Why use rules? At least since the work of Henry Simons, economists have understood and debated the benefits of rules versus discretion in policymaking.1 The modern and more rigorous treatment of this issue is found in the seminal work of Finn Kydland and Ed Prescott.2 In their Nobel Prize-winning work, they demonstrated that a credible commitment by policymakers to behave in a systematic, rule-like manner over time leads to better economic outcomes than discretion. In monetary policy, less discretionary behavior and a commitment to more systematic behavior have been shown to lead to more economic stability — lower and less volatile inflation and less volatile output.
Using a well-formulated, simple interest-rate rule as a benchmark is one way to achieve many of the benefits of a commitment to systematic monetary policy. Because such a rule is transparent and easy to monitor, it helps the public form expectations of future policy and determine when a central bank is deviating from normal policy. Sometimes deviations from the simple rule may be required — for example, during an economic crisis like the one we've just experienced, or in the aftermath of the 9/11 attacks. In these cases, monetary policymakers must communicate the reasons for the deviations and how they intend to return policy to the norm. Following such a policy framework based on a simple rule as a guideline and communicating any deviations will enhance the policymakers' credibility for following a systematic monetary policy, which leads to additional benefits.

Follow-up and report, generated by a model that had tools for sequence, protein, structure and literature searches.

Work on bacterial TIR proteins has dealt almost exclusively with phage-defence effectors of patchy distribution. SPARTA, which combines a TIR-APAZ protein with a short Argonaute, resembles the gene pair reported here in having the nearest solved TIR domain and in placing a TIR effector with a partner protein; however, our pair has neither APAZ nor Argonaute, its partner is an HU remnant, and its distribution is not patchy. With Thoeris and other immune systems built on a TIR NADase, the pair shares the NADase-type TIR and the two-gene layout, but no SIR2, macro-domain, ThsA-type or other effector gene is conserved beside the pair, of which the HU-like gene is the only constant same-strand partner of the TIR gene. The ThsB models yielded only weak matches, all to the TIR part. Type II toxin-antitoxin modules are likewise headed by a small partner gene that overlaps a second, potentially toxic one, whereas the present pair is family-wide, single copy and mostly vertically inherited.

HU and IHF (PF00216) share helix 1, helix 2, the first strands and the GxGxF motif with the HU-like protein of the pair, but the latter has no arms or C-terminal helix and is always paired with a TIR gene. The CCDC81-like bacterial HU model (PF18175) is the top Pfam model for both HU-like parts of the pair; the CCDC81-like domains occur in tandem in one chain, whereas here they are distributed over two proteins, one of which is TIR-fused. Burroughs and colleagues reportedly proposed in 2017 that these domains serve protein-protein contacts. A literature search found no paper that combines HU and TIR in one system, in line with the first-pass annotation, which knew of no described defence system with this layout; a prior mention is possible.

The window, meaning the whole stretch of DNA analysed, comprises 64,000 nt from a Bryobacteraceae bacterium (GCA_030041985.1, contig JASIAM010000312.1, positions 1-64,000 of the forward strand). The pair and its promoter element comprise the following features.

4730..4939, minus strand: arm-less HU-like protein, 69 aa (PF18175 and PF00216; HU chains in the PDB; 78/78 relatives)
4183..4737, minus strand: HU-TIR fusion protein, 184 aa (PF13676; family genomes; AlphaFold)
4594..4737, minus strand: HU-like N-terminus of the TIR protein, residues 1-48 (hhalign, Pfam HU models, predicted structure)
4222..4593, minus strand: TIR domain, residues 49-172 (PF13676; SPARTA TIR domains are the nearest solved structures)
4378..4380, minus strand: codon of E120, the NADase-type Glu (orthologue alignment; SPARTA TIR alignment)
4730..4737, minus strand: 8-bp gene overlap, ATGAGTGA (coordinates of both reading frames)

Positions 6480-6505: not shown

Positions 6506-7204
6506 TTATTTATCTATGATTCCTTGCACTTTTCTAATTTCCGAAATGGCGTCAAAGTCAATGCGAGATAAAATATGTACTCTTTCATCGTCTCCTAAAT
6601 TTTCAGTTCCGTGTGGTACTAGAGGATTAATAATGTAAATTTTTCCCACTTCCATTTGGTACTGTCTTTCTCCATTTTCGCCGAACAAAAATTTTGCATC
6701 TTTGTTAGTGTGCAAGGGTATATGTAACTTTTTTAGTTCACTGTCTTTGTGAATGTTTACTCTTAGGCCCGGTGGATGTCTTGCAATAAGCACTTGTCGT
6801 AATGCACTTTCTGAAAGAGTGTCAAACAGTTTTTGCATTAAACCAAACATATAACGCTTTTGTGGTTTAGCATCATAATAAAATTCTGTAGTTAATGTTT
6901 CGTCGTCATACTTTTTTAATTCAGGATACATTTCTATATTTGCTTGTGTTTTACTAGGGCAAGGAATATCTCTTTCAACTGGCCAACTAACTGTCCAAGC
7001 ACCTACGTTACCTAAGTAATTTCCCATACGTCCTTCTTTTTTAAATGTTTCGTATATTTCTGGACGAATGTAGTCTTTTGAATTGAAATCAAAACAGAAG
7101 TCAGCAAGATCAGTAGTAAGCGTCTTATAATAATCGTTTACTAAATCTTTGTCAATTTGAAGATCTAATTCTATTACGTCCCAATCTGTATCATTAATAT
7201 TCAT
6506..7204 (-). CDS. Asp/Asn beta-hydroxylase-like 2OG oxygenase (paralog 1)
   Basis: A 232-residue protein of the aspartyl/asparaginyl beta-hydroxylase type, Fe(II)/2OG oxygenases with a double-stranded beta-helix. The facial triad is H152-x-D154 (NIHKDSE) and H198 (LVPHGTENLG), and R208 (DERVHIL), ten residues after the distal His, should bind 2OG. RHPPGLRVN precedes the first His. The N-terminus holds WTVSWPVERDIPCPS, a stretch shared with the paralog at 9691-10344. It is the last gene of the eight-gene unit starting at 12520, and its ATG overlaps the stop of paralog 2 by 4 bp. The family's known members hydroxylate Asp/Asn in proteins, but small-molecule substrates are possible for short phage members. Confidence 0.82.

But what rule should we use? It's important that our policy rule be robust enough to work in a variety of economic conditions or stages of the business cycle, that it perform well in a variety of economic models, and that it recognize that economic data are measured imprecisely and are subject to revision. These criteria lead me to support a rule based on deviations of inflation from the policymakers' inflation target and on the growth rate of output, rather than on the output gap commonly used in many variants of the well-known Taylor-rule.
Three problems arise when trying to rely on output or employment gaps to guide policy choices in real time. First, theory does not always suggest that desirable policy should be based on an output gap measure at all — it depends on the particular model and the type of economic shocks that are hitting the economy.3 Second, even in theoretical models in which optimal policy is based on an output gap measure, such measures are inherently unobservable and therefore must be statistically estimated. And third, the most common statistical measures of the output gap do not correspond particularly well to the theoretical measures that are relevant for policy decisions.